The fight to save a Chichester day centre for adults with learning difficulties has come to an end as services are due to be moved elsewhere.
West Sussex County Council held a consultation on the future of its in-house adult social care services in May and as part of the proposals the Wrenford Centre in Terminus Road, would close.
The council’s overall strategy was approved this week and will see Wrenford Centre users moved into the Chestnuts Day centre in Bognor Regis and Chichester’s Judith Adams by June 2019.
These buildings currently run services for elderly residents.
Amanda Jupp, cabinet member for adults and health, said: “I understand that changes bring with them a degree of apprehension, but having spoken with many families across the county I am assured that these new services will meet the needs of our most vulnerable residents in a far more practical way.
“Over the last couple of years there has been extensive engagement with those people who use our services as well as their families and carers, and these plans were drawn up with their best interests in mind.
“I delayed taking a decision on these proposals earlier in the summer in order to speak to more people about how the changes would affect them. Having taken into account the feedback from those involved, I am assured that these changes offer the best way forward for everyone as well as ensuring that our services are also fit for purpose.”
The council says the decision will lead to a number of changes that will make some services more accessible for residents. This includes changing the way it delivers specialist residential and day services for people in the community.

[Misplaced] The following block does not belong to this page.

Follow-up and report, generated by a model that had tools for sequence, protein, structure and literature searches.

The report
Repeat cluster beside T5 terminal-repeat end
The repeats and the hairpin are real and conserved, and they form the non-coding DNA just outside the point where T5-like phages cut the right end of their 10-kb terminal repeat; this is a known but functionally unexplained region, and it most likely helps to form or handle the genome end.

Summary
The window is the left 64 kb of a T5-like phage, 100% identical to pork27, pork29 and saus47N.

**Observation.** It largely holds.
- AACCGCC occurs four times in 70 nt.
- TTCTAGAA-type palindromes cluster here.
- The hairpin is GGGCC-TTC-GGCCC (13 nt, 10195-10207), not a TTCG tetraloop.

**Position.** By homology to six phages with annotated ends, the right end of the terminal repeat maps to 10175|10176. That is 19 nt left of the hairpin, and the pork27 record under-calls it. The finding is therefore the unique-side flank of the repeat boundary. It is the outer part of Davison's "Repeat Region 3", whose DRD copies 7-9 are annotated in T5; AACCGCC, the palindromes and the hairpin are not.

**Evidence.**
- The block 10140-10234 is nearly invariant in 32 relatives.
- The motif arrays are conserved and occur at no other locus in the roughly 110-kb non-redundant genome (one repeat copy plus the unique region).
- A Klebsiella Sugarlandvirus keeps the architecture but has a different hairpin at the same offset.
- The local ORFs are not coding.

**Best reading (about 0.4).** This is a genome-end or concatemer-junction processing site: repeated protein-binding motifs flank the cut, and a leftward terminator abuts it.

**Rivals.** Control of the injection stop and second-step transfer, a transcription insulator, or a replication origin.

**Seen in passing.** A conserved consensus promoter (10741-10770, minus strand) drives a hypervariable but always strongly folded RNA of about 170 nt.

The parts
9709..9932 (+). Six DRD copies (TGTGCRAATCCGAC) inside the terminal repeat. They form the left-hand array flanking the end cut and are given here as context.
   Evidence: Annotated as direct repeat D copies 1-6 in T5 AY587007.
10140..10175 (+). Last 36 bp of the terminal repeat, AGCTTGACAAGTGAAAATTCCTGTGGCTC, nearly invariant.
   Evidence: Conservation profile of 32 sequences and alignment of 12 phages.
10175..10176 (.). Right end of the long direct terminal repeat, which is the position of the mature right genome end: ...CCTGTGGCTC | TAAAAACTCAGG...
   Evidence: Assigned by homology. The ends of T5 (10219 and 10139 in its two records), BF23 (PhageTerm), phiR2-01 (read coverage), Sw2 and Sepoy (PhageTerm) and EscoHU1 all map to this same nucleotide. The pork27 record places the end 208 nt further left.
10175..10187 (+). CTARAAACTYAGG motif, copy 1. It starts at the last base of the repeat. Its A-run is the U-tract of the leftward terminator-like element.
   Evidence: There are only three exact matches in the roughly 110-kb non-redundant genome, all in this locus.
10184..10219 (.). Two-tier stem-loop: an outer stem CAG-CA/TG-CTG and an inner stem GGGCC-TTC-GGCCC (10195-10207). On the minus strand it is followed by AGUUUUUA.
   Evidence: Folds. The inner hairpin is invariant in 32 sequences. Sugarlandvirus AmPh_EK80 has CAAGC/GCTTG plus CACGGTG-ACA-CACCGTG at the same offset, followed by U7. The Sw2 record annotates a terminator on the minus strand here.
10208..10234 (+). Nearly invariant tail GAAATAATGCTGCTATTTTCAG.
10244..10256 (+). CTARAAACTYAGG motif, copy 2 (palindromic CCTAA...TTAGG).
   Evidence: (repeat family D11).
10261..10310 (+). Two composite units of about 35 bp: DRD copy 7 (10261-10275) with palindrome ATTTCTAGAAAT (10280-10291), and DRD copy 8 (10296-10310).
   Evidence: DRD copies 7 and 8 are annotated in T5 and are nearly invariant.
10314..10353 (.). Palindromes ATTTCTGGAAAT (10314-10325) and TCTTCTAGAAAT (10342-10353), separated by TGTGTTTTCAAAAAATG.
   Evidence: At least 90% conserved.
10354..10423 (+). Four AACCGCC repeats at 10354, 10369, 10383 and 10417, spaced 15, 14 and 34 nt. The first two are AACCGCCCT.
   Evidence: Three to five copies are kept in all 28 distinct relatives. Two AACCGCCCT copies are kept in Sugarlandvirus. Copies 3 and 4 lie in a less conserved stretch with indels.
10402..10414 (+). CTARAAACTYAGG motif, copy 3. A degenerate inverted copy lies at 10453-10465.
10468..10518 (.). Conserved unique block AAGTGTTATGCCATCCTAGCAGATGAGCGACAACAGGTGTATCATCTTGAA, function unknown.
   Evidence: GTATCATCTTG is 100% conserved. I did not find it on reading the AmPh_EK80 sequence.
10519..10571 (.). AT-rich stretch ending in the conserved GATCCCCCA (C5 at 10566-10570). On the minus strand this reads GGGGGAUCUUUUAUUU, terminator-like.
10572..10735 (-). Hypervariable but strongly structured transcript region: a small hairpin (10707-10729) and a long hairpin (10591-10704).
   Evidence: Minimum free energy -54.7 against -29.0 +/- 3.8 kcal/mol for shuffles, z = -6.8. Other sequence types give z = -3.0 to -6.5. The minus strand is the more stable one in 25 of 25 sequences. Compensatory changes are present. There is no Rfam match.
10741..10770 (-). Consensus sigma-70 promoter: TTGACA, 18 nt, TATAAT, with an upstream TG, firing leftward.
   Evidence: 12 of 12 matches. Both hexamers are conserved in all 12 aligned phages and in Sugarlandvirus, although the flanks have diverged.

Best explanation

The changes, which focus on the needs of each individual, are designed to better support the 900 people who use these services by developing the skills and confidence they require in order to live as independently as possible.
By helping people become more actively engaged in their local communities, the council says its aim is to improve their overall health and wellbeing and reduce the likelihood of their becoming isolated.
Throughout the five-year implementation phase of these plans West Sussex County Council says it is committed to working closely with the people who use these services, to ensure they feel actively engaged and in control of any changes to the way they access support.
Everyone affected will receive a review of their care needs to determine the type and level of support each individual needs to live a full and active life; families and carers can also be involved in these reviews.
According to an officers’ report: “There is a need to adapt the way the council delivers services so that they can better meet the needs of people in West Sussex in the future. This is due to the fact that society is changing and people are living longer. How the resources are currently organised and buildings used no longer fits the changing needs of the people who use the service.
“If the council does nothing, the current building stock will need an estimated £15m spend in the next ten years in order to maintain it as it is – this would not make them any more accessible or change the way they can be used.
“Whilst these services are currently separated as ‘older people’ and ‘learning disability’ services the reality is that these services span the range of ages and diagnoses (including an increasing number of older people with a learning disability and a diagnosis of dementia). The service needs to be flexible, responsive and above all see people for who they are, as well as what they can and wish to do.
“By changing the way the council organises the service and how resources are used (staff, buildings and transport) the service will have increased ability to support people to build on their strengths, meet people’s needs irrespective of their ‘label’ and maintain what people can already do.”